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Tour de France team investigated for ‘possible doping allegations’ amid international police raids

The Independent logo The Independent 01/07/2022 Ian Parker
Fans cheer prior to the first stage of the Tour de France © AP Fans cheer prior to the first stage of the Tour de France

Europol has announced that raids which took place in 14 locations across Europe this week are focused on “possible doping allegations of a cycling team participating in the Tour de France”.

The European law enforcement agency said it had conducted searches in France, Belgium, Spain, Croatia, Italy, Poland, and Slovenia between Monday and Thursday.

The announcement came a day after Danish police, acting on a request from French authorities, searched the hotel of the Bahrain-Victorious team in Copenhagen, where the Tour de France got under way on Friday.

Earlier this week, riders and staff from the team had their homes searched prior to leaving for the Tour.

Europol said the searches were part of an investigation being led by French authorities under the supervision of the French public prosecutor’s office in Marseille “to look into possible doping allegations of a cycling team participating in the Tour de France”.

“Three people were interrogated,” the statement added. “The investigation is ongoing and the evidence seized is being forensically examined.

“The properties of several riders and their staff were searched in Belgium, Spain, Croatia, Italy, Poland and Slovenia.”

Europol did not name any of the individuals involved.

In its own statement on the raids, Eurojust provided more detail on the items that had been seized.

The statement said: “In Italy, several locations were searched and a range of electronic equipment (including laptops, smartphones, hard disks and pen drives), pharmaceutical substances and supplements were seized.

“In Belgium, a computer, a mobile phone and capsules with undetermined content were seized in one house search. In Poland, one house search was carried out. A series of electronic devices and pharmaceutical substances were seized.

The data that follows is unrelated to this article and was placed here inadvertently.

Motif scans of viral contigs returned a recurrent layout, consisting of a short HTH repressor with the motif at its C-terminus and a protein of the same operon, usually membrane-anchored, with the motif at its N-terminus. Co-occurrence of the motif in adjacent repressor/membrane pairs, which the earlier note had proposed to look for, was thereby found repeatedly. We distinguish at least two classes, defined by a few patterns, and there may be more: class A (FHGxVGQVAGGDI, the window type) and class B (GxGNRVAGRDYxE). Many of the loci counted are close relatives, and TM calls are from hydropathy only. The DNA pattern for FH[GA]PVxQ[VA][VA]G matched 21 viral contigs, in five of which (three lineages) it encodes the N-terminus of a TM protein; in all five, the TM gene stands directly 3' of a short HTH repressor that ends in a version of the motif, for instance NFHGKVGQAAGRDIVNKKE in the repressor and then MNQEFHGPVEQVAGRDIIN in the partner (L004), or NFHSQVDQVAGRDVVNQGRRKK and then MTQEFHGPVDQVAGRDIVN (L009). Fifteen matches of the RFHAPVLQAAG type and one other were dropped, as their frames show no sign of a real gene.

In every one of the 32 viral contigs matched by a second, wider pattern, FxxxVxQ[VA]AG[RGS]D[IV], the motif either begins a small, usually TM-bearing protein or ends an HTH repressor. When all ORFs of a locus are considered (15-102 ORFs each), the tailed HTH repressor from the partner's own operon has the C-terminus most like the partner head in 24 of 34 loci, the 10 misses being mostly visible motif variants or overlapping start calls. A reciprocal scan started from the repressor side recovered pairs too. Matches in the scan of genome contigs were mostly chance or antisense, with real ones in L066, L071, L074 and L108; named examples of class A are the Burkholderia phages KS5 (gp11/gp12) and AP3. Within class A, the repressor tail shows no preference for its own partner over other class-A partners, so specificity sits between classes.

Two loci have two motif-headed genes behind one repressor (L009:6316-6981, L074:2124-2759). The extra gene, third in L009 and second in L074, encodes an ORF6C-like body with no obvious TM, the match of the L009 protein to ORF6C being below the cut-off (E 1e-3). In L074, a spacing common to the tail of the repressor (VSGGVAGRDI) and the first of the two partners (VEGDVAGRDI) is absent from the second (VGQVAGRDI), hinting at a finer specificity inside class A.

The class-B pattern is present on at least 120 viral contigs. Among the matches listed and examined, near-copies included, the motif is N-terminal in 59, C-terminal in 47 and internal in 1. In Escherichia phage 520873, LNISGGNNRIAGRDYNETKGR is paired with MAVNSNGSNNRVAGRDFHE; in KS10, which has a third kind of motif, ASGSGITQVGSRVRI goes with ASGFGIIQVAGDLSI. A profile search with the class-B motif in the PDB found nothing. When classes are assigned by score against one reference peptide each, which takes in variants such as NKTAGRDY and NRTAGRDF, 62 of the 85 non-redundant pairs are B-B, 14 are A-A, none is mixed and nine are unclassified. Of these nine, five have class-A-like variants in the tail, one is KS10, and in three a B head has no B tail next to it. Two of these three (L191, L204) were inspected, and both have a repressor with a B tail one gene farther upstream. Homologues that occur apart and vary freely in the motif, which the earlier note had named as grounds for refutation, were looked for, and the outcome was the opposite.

“In Slovenia, 412 capsules with undetermined brown content and 67 capsules with undetermined white content were found, and one mobile phone was seized in a house search. In Spain, houses and premises were searched and electronic devices were seized.”

Bahrain-Victorious, whose hotel was also searched during last year’s Tour, have denied any wrong-doing.

In a statement issued on Monday following the searches at individuals’ homes, the team said: “The investigation into the members of the team, which started almost a year ago and did not yield any results, continues just before the start of the most important cycling race, the Tour de France, and damages the reputation of individuals and Team Bahrain Victorious.

“Due to recent investigations, the team feels the timing of this investigation is aimed at intentionally damaging the team’s reputation.”

On Thursday, the team’s pre-Tour press conference in Denmark was cut short after only eight minutes with the team refusing to take any questions in relation to the searches.

Reading a short statement, performance director Vladimir Miholjevic said: “We’d like to have more details from the investigators so we can understand such action.

“At this moment the team is fully focused on the biggest cycling race in front of us and on achieving our goals over the next three weeks.”

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